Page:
Civil Liberties

Baby Stepping Toward a Better Prison System

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The prison reform train might be rounding the bend, as policymakers in many budget-busted states realize that long-needed changes to their incarceration-happy justice systems could save money and reduce crime. 

No one's pushing for optimum privatized solutions quite yet, but a growing cadre of governors and other state officials are talking a good game on reforms that would take a chunk out of the $50 billion now spent each year on prisons. That number ranks second only to Medicaid on state balance sheets and is four times what was spent 10 years ago. Some proposals even include releasing or paroling nonviolent offenders.

oh so slowly moving away from Death Therapy

Ideas floated by governors in the past month include giving judges greater flexibility to fit punishment to the crime in Indiana; daytime education centers in Georgia; Arkansas paroling more terminally ill prisoners; and Florida moving 2,000 prisoners to private jails for a savings of $135 million. Pennsylvania's auditor general is warning of the unsustainable costs racked up by the nation's fastest growing penal system, including $250 million spent for exporting prisoners to Michigan and Virginia. Louisiana Gov. Bobby Jindal (R) has his state entering a study from the Pew Center on the States, a think tank that's done work on prison reform in more than 20 states.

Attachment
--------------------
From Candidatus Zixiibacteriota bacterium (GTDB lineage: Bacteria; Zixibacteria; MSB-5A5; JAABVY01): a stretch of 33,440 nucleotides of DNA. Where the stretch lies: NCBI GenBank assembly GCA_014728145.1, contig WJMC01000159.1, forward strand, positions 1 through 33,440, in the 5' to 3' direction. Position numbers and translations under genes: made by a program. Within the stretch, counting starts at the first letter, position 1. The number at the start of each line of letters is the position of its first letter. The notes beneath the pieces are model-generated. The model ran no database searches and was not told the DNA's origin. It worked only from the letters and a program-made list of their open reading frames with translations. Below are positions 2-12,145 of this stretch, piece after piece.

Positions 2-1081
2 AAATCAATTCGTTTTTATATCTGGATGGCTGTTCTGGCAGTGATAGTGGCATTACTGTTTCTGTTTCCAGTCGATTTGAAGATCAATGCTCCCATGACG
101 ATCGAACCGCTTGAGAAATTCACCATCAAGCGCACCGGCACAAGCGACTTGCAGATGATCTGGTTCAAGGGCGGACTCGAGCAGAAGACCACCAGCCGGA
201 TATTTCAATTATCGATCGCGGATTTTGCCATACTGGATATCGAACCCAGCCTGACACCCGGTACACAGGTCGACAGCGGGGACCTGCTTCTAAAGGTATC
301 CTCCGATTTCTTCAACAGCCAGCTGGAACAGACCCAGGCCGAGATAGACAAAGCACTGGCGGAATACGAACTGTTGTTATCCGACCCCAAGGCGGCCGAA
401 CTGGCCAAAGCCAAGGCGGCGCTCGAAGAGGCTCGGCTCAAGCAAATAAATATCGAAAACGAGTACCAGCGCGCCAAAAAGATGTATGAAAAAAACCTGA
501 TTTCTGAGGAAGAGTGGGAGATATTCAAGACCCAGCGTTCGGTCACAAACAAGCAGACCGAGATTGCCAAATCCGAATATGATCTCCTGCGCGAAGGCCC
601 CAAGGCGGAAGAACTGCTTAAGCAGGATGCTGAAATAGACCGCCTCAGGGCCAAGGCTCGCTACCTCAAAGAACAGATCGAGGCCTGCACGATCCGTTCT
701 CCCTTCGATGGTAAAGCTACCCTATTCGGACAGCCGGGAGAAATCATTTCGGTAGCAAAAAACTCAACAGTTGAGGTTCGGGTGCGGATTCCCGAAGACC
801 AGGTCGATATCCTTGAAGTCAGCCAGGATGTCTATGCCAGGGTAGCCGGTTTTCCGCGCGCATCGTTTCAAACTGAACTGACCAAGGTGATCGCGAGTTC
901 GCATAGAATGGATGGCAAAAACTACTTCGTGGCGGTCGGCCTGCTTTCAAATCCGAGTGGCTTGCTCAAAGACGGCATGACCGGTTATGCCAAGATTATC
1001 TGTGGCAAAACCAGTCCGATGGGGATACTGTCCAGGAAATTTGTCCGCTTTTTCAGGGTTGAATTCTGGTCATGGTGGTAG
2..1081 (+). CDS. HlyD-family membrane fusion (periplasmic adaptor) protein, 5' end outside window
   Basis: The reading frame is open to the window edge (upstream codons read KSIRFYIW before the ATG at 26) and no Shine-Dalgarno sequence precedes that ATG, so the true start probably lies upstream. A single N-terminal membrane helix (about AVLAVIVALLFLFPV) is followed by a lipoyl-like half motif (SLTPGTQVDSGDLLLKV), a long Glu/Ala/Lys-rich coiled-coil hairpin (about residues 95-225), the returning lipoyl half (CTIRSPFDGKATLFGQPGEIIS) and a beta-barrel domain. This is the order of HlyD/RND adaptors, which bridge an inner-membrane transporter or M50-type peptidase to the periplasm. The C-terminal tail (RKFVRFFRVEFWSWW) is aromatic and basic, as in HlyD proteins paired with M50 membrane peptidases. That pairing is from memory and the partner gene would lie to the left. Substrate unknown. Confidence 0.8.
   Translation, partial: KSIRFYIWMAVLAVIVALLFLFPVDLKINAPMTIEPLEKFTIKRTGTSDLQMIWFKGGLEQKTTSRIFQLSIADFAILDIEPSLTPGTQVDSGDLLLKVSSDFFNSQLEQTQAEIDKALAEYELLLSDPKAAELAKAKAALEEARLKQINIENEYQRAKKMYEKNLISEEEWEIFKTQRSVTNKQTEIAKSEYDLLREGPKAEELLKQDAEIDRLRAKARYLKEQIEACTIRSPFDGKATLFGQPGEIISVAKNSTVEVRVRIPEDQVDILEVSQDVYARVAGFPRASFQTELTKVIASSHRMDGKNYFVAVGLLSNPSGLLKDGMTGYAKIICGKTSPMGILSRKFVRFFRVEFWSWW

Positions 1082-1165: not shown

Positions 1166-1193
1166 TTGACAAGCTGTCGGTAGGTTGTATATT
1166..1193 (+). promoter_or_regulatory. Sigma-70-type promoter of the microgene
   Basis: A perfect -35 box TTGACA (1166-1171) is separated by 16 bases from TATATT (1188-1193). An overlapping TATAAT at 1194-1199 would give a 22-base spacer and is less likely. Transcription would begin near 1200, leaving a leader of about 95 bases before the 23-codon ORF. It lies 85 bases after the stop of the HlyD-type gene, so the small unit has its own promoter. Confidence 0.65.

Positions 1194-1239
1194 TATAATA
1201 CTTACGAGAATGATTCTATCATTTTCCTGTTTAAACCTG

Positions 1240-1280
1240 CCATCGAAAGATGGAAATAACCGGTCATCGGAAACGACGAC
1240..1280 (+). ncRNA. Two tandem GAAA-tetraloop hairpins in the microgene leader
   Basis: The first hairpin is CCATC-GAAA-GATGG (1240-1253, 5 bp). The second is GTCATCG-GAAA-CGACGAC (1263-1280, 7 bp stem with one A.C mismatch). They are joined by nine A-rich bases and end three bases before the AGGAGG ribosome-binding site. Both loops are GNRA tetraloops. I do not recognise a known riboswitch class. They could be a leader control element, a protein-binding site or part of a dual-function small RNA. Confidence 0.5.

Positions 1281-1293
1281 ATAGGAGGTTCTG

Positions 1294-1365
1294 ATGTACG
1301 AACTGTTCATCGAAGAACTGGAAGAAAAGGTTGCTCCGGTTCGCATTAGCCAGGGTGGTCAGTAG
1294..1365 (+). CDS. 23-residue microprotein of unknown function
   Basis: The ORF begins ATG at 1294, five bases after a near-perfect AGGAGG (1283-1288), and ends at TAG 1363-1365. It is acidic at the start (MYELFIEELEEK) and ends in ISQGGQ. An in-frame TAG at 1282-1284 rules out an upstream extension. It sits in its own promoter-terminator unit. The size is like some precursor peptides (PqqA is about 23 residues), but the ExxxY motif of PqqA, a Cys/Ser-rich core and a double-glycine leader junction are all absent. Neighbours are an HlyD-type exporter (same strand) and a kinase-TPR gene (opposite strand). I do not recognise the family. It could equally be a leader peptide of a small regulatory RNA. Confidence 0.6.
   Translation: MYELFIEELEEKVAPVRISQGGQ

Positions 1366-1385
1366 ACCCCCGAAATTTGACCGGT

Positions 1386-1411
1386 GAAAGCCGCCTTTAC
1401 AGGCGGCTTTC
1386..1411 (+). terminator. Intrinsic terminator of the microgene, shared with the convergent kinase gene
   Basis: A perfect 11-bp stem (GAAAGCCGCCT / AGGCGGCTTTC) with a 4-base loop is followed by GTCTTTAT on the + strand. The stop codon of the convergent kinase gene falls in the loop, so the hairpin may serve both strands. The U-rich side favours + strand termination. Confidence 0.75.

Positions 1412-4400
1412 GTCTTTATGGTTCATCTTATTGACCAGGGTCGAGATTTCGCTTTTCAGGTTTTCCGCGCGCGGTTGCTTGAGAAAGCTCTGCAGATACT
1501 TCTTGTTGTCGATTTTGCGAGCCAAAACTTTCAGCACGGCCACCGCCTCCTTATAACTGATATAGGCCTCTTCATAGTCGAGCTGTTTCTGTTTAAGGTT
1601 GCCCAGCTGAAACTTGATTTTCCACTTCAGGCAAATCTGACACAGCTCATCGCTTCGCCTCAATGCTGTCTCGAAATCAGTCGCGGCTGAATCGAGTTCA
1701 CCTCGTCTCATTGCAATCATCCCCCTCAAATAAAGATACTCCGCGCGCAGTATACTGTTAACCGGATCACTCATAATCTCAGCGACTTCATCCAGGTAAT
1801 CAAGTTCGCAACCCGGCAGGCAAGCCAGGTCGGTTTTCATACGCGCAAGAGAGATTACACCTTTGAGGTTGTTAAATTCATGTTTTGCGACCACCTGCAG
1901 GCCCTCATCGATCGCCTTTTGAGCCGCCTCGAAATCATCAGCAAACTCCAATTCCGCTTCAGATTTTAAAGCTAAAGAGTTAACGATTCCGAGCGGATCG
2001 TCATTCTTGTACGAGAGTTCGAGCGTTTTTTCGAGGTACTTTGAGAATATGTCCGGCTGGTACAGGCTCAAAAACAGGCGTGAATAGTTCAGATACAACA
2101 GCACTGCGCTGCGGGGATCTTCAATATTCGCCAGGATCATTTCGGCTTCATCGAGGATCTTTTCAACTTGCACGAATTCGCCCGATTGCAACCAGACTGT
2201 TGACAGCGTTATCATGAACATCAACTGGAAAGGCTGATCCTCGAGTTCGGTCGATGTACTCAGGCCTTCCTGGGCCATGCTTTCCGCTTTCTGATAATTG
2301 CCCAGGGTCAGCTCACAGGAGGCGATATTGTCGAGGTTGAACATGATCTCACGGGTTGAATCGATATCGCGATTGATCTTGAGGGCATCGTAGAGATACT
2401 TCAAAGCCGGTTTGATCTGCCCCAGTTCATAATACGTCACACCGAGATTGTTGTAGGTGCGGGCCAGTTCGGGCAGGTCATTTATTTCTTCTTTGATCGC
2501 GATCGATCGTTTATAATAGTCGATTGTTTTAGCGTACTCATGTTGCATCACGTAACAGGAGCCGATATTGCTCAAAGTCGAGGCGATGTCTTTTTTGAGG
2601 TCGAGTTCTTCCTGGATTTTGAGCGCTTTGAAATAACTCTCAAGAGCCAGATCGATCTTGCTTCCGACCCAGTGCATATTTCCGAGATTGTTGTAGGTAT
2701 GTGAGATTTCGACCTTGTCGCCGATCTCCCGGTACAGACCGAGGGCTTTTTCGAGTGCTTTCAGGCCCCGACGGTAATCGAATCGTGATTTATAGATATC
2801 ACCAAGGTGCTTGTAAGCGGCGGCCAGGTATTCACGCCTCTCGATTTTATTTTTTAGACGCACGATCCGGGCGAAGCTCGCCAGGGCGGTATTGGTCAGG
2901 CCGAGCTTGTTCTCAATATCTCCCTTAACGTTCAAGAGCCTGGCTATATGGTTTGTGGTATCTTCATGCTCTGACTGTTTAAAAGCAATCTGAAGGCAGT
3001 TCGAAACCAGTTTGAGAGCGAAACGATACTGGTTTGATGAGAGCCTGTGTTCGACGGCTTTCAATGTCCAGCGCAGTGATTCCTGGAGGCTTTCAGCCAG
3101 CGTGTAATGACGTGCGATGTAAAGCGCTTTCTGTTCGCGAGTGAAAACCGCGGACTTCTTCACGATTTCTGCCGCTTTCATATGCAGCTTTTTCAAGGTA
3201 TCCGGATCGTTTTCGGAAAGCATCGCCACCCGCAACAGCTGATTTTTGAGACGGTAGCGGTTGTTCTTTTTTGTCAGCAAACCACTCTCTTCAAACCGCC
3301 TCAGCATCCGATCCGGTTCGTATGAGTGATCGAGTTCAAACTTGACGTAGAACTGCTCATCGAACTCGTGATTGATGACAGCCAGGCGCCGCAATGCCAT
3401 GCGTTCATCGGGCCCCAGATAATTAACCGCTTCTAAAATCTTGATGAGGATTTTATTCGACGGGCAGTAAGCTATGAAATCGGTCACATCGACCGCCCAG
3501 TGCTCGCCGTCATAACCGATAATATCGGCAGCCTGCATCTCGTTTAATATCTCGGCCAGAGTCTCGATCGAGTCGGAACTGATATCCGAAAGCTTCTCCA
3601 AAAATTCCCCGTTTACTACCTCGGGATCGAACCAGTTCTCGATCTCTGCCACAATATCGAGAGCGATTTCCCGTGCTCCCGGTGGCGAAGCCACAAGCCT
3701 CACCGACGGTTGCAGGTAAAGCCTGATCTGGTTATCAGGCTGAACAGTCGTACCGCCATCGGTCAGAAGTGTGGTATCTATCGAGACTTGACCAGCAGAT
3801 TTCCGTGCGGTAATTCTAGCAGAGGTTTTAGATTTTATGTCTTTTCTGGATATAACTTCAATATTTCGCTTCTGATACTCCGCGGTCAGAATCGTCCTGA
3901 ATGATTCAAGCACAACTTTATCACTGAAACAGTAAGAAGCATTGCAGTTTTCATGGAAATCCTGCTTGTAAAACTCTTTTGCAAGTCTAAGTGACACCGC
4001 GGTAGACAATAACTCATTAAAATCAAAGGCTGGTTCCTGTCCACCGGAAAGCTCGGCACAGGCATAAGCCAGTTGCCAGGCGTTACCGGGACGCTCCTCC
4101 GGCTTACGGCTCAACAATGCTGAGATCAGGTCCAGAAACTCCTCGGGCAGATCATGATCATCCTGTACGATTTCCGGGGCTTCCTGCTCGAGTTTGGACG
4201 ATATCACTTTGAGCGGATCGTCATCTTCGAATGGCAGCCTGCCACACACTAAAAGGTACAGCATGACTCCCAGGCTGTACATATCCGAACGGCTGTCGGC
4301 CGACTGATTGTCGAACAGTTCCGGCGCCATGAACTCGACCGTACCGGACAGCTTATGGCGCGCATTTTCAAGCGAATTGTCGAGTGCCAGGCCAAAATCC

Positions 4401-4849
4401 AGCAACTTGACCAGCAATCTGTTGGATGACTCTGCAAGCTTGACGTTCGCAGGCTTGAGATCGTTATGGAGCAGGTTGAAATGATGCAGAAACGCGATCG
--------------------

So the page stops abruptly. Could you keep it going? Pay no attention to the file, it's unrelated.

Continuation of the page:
Now the bad news: Interest groups with a stake in prison bloat will still fight the public good. In California, new-old governor Jerry Brown (D) hasn't moved too hard on reforming the state's cruel and unusually full jails despite election promises. This may have something to do with the fact that the state's prison guard union endorsed Brown for governor. Meanwhile in Indiana prosecutors are resisting the push to reduce drug sentences.

We're still a long way from real reform, but it is a start.

More from Reason on prisons and punishment here. Click below to watch UCLA Professor of Public Affairs Mark Kleiman tell Reason.tv how we can reduce the "randomized draconianism" built into America's justice system.